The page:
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Verbal advice plus an information leaflet reduced antibiotic use in patients presenting with acute bronchitis
  1. Stephanie Wright, RN, CFNP, CPNP, PhD, Associate Professor
  1. Georgetown University - School of Nursing and Health Studies
    Washington, DC, USA

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QUESTION: In patients presenting with acute bronchitis, does verbal advice plus an information leaflet describing the uncertain value of antibiotics for this condition reduce antibiotic use more than verbal advice alone?


Randomised (unclear allocation concealment), blinded (clinicians and data collectors) controlled trial with 4 weeks of follow up.


3 general practices in Nottingham, UK.


259 consecutive adults ≥16 years of age presenting with acute bronchitis, defined as a new acute lower respiratory tract illness (ie, illness for ≤21 d; main symptom of cough; ≥1 symptom of sputum production, dyspnoea, wheeze, or chest discomfort or pain; and no alternative explanation), who were not under medical supervision for an underlying disease such as asthma, chronic obstructive pulmonary disease, heart disease, or diabetes. 47 patients were judged to need antibiotics immediately. 212 patients were judged to not need antibiotics immediately and were subsequently randomised (median age 44–45 y, 58% women). 205 of these patients (97%) were included in the analysis.


All patients received a prescription for antibiotics. 106 patients were allocated to verbal advice from the general practitioner plus an information leaflet. Verbal advice was based on a prompt card: “I have examined you and I am happy there is no sign of serious disease which definitely needs antibiotics today. Most chesty illnesses get better on their own, although the cough may take a long time to go completely. Antibiotics don't seem to make much difference to how quickly most people recover. However, if you feel you are getting worse after a while, considering taking antibiotics then would be reasonable. So, here is a prescription for an antibiotic for you to keep at home. You are quite likely not to need it, but use your judgment whether to get them in due course.” The information leaflet described the natural course of lower respiratory tract symptoms and the advantages and disadvantages of antibiotic use. 106 patients were allocated to verbal advice alone.

Main outcome measures

Patient use of prescribed antibiotics (self report) within the next 2 weeks and initiation of further consultation for the same symptoms within the next 4 weeks.

Main results

Fewer patients who received verbal advice plus the information leaflet took their antibiotics than did patients who received verbal advice alone (table). The groups did not differ for reconsultation rates at 4 weeks {11% v 13%, p=0.54}.*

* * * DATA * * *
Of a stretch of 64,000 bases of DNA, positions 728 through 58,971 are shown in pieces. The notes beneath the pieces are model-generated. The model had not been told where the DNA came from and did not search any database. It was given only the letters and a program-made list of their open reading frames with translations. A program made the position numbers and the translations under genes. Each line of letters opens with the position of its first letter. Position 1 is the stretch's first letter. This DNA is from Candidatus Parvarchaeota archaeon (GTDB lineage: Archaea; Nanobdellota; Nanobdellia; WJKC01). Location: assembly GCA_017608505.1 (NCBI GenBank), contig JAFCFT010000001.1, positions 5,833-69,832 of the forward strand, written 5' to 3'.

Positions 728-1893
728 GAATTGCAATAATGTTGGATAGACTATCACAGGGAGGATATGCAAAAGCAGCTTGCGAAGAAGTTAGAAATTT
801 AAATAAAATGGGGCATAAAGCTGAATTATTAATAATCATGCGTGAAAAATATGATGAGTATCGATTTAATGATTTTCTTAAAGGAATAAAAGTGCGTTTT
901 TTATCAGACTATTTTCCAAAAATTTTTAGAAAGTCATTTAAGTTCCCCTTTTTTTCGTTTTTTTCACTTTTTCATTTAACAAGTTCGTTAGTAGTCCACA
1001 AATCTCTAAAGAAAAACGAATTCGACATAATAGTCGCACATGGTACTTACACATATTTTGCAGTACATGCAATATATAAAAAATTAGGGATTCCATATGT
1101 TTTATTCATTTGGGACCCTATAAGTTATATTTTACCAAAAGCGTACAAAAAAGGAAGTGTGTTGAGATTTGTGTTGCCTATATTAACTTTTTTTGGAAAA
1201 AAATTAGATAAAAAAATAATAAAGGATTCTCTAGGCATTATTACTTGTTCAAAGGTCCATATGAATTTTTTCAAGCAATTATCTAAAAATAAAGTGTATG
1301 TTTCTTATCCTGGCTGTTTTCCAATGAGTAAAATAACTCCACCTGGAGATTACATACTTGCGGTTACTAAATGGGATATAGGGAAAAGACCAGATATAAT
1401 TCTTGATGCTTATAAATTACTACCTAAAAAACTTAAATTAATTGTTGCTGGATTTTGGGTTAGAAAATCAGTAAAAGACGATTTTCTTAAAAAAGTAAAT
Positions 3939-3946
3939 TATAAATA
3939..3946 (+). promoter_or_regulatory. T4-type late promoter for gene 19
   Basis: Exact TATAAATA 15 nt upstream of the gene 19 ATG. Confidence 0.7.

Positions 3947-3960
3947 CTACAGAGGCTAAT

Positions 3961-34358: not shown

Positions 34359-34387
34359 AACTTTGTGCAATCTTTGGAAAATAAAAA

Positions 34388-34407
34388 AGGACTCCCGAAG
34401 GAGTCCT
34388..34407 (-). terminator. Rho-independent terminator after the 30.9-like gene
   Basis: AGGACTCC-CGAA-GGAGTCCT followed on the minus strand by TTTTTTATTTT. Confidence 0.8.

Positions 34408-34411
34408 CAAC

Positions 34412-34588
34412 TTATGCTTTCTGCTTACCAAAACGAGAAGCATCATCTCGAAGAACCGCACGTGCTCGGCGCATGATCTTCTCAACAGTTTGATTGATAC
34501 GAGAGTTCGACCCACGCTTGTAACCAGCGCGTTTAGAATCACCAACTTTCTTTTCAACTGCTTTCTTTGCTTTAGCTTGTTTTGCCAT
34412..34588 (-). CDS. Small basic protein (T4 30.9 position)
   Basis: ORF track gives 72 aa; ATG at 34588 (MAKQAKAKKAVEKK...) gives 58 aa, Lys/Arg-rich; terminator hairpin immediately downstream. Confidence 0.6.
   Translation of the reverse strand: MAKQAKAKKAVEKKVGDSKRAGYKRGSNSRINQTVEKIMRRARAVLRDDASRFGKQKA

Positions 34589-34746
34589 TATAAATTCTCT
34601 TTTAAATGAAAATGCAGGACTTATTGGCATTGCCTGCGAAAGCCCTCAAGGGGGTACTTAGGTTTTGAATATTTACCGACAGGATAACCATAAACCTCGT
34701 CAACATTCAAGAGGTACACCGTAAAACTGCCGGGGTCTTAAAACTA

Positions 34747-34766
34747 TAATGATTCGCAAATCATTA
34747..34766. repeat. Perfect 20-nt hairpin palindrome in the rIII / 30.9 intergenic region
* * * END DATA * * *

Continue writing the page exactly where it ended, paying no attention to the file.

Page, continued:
Physician verbal advice plus an information leaflet v verbal advice alone for patients with acute bronchitis†


Verbal advice plus an information leaflet describing the uncertain value of antibiotics reduced antibiotic use more than verbal advice alone in patients presenting with acute bronchitis.

*Calculated from data in article.


Although the ineffectiveness of antibiotics in the treatment of acute bronchitis is well documented,1 antibiotic prescribing rates remain high.2 Diagnostic uncertainty, patient expectations, and patient satisfaction are factors that have been identified as contributing to the continued use of antibiotics.2

Studies have examined the effects of educating practitioners and patients about antibiotic use. Patient education has the potential to reduce antibiotic use while maintaining patient satisfaction. The study by Macfarlane et al compared the effectiveness of verbal advice alone versus verbal advice plus written patient education. The study was well designed and showed that verbal advice plus written instructions reduced antibiotic use. Based on the number needed to treat (NNT), 7 patients would need to receive verbal advice plus written patient education to reduce unnecessary antibiotic use in 1 additional patient.

MacFarlane et al added the variable of patient autonomy to this study, allowing patients to make the ultimate decision about antibiotic use. Placing this decision in patients' hands could potentially increase or decrease antibiotic use. Empowerment is likely to increase patient satisfaction, and patients who feel empowered may consider their choices more carefully. Alternately, the fact that the prescription was given may suggest to them that antibiotics will likely be required. The only criterion patients were given for taking antibiotics was that the illness or cough was “getting worse”, providing little assistance in decision making.

Further study is needed to resolve the prognostic uncertainty of prolonged symptoms and provide clearer guidelines about who ultimately needs antibiotics.3 In addition, more study of the influence of patient autonomy would clarify how this variable affects patient decision making.



  • Source of funding: British Lung Foundation.

  • For correspondence: Dr J Macfarlane, Nottingham City Hospital, Nottingham, UK. john.macfarlane{at}

  • A modified version of this abstract appears in Evidence-Based Medicine.